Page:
The title story, "Minority Report", was probably the one I was most familiar with going in, thanks to the movie. The basic premise - that there exists a police bureau of "pre-crime" where mutants who are able to see the future report on what crimes are going to take place, thus allowing the police to arrest the would-be criminals before the crime is actually reported - and the basic plot - a report comes through that the chief of police (who is also the founder of the pre-crime unit) is going to murder somebody - are the same as in the movie, but a variety of other elements are different. While it's in some ways simpler than the movie, the story's still very layered, and certainly very thought-provoking."We Can Remember it for You Wholesale" is the short story on which the movie Total Recall was based. (While I've seen the movie - it was my first R-rated movie, in fact - it was half a lifetime ago, so I can't do much by way of comparison). In the story, a guy who works a boring, dead-end job wants a little more excitement in his life, so he goes to a company that's essentially Eternal Sunshine of the Spotless Mind in reverse, to have false memories of a trip to Mars as a secret agent implanted. Once there, however, neither he nor the company get quite what they bargained for. This one wasn't quite as thought-provoking as the first story, but it was still interesting and fun to listen to."Paycheck" is the story of a young man who has just had his memory wiped as the fulfilling clause of his two-year contract with a construction company. In lieu of the huge sum of money he was expecting, though, he is handed a bag of seemingly worthless trinkets. However, when the trinkets start proving useful in seemingly unforseeable ways, he starts to question what he had actually being doing during the past two years.This story is an interesting counterpoint to "Minority Report" on the theme of "what would you do if you could see into the future?" It's good and suspenseful, with enough mystery and intrigue to keep things ticking along nicely. However, the whole thing was a little bit soured by a discordantly sexist tone to the ending one of the story threads.In"Second Variety", the Cold War has escalated into widespread, world-shattering, and interminable war. In order to gain an edge over the Russians, UN troops have developed mechanized heat-seeking killing machines, or "claws". However, the claws are just as dangerous as the enemy soldiers ever were... and now they're evolving.While this might have been scary and suspenseful and fascinating when it was originally published in the early 1950s, in a post-Battlestar Galactica world, the revelation that "The Cylons look like us now" was not particularly novel, or even particularly suspenseful. The fact that the protagonist took so very long to twig to the truth of the situation long after I was going "Ye gods, you moron, that's a machine!" made him seem intensely dumb.....but still not so dumb as the protagonist of the last story. In "The Eyes Have It", the protagonist becomes convinced that certain phrases in a novel (i.e. "His eyes followed her around the room.") are indicators of invasion by a race of alien beings who can disassociate their body parts at will. While this was obviously written with tongue very firmly in cheek, to me it didn't read as"funny" so much as "irretrievably dumb." The protagonist is obviously literate, if he's reading a novel... but apparently he's never seen figurative language before? Even satire needs a plausible premise.Overall Review and Recommendation: Every time I read more sci-fi, I'm better able to define what kinds of sci-fi I like and dislike. Dislikes: a lot of tech talk or space-ship battles. Likes: any sci-fi that is driven by the story, the characters, or the premise. (Also: long walks on the beach.) I'm not anti-technology per se, but the technology needs to be in service of something else in the story (i.e. answering "does being able to see the future change it?"), and not a point in and of itself. The stories here were almost all premise-driven, and as such, were very enjoyable. Their trappings haven't aged particularly well, but if you can mentally edit out the "data tapes" and replace them with "futuristic data storage technology of the Future!", the stories themselves work pretty much as well as they ever did. Which, I guess, is why they're considered classics of the genre. 4 out of 5 stars.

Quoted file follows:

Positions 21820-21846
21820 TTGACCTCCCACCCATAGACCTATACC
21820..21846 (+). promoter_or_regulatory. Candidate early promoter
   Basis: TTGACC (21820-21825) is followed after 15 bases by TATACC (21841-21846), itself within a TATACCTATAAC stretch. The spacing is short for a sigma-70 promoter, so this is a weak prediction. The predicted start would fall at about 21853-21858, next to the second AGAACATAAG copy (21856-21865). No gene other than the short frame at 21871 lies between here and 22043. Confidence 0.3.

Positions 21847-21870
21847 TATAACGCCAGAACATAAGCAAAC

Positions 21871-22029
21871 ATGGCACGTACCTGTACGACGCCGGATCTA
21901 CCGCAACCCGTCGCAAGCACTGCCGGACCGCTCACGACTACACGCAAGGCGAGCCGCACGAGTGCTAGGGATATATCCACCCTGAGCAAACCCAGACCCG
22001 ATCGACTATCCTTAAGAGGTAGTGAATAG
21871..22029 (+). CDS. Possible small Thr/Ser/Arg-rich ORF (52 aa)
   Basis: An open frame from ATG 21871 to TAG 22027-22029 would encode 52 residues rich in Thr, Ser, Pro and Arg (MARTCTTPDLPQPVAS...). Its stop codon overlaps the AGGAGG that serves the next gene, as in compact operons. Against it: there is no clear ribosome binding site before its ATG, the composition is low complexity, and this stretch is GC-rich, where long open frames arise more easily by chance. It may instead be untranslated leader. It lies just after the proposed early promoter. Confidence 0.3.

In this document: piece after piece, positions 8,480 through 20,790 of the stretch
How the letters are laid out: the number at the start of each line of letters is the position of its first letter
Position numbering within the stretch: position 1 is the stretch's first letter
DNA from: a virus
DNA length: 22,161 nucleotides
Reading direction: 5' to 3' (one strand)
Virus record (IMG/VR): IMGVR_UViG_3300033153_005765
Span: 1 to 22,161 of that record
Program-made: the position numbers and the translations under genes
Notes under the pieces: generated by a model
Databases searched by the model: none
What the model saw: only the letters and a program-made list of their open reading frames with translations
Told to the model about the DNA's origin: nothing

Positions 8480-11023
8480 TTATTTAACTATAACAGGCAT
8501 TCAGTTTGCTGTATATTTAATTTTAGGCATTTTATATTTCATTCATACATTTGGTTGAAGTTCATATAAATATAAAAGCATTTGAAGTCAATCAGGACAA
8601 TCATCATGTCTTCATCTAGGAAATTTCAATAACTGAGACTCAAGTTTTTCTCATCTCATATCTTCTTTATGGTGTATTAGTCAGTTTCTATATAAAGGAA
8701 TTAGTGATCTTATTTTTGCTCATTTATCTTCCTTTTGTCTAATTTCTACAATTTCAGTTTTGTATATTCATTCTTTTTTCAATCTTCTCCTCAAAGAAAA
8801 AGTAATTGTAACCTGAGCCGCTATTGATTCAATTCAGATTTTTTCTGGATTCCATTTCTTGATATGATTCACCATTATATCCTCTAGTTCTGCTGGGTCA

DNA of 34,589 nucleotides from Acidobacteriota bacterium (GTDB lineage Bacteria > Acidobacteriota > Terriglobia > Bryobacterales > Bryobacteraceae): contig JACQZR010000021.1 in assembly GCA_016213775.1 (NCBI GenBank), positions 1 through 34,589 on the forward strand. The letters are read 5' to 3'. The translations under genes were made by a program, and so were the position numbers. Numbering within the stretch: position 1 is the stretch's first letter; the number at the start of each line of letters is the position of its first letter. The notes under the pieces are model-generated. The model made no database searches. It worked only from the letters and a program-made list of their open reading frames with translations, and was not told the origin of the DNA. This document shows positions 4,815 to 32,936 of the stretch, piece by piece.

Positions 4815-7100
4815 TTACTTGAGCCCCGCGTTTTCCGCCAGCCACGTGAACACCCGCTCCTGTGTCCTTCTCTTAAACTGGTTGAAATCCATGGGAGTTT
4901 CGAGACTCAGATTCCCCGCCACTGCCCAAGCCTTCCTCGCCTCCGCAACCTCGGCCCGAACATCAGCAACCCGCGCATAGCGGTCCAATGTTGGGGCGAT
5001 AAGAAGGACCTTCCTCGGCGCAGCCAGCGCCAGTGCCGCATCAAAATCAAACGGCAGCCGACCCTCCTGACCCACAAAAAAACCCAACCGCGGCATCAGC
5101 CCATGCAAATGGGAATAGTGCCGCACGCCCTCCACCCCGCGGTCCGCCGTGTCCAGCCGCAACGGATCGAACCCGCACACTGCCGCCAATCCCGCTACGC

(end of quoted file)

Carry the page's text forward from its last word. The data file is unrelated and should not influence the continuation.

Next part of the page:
• (4/5)

    1 person found this helpful

    My favorite short story is a tie between “We Can Remember it for You Wholesale” and “Second Variety.”

    “Minority Report” is decent. “Paycheck” was pretty fun and memorable. The last short story (<8 minutes) is silly but ultimately skippable.

    1 person found this helpful

  • (4/5)

    1 person found this helpful

    I was familiar with every single movie adaptation the shocking difference made the entire read worth it. I find it rewarding when variations on classics which I thought I knew in their entirety tack sharp turns from my memory.

    1 person found this helpful

  • (5/5)

    1 person found this helpful

    Brilliant stories that still work, allowing for 1970's tech perspective.

    1 person found this helpful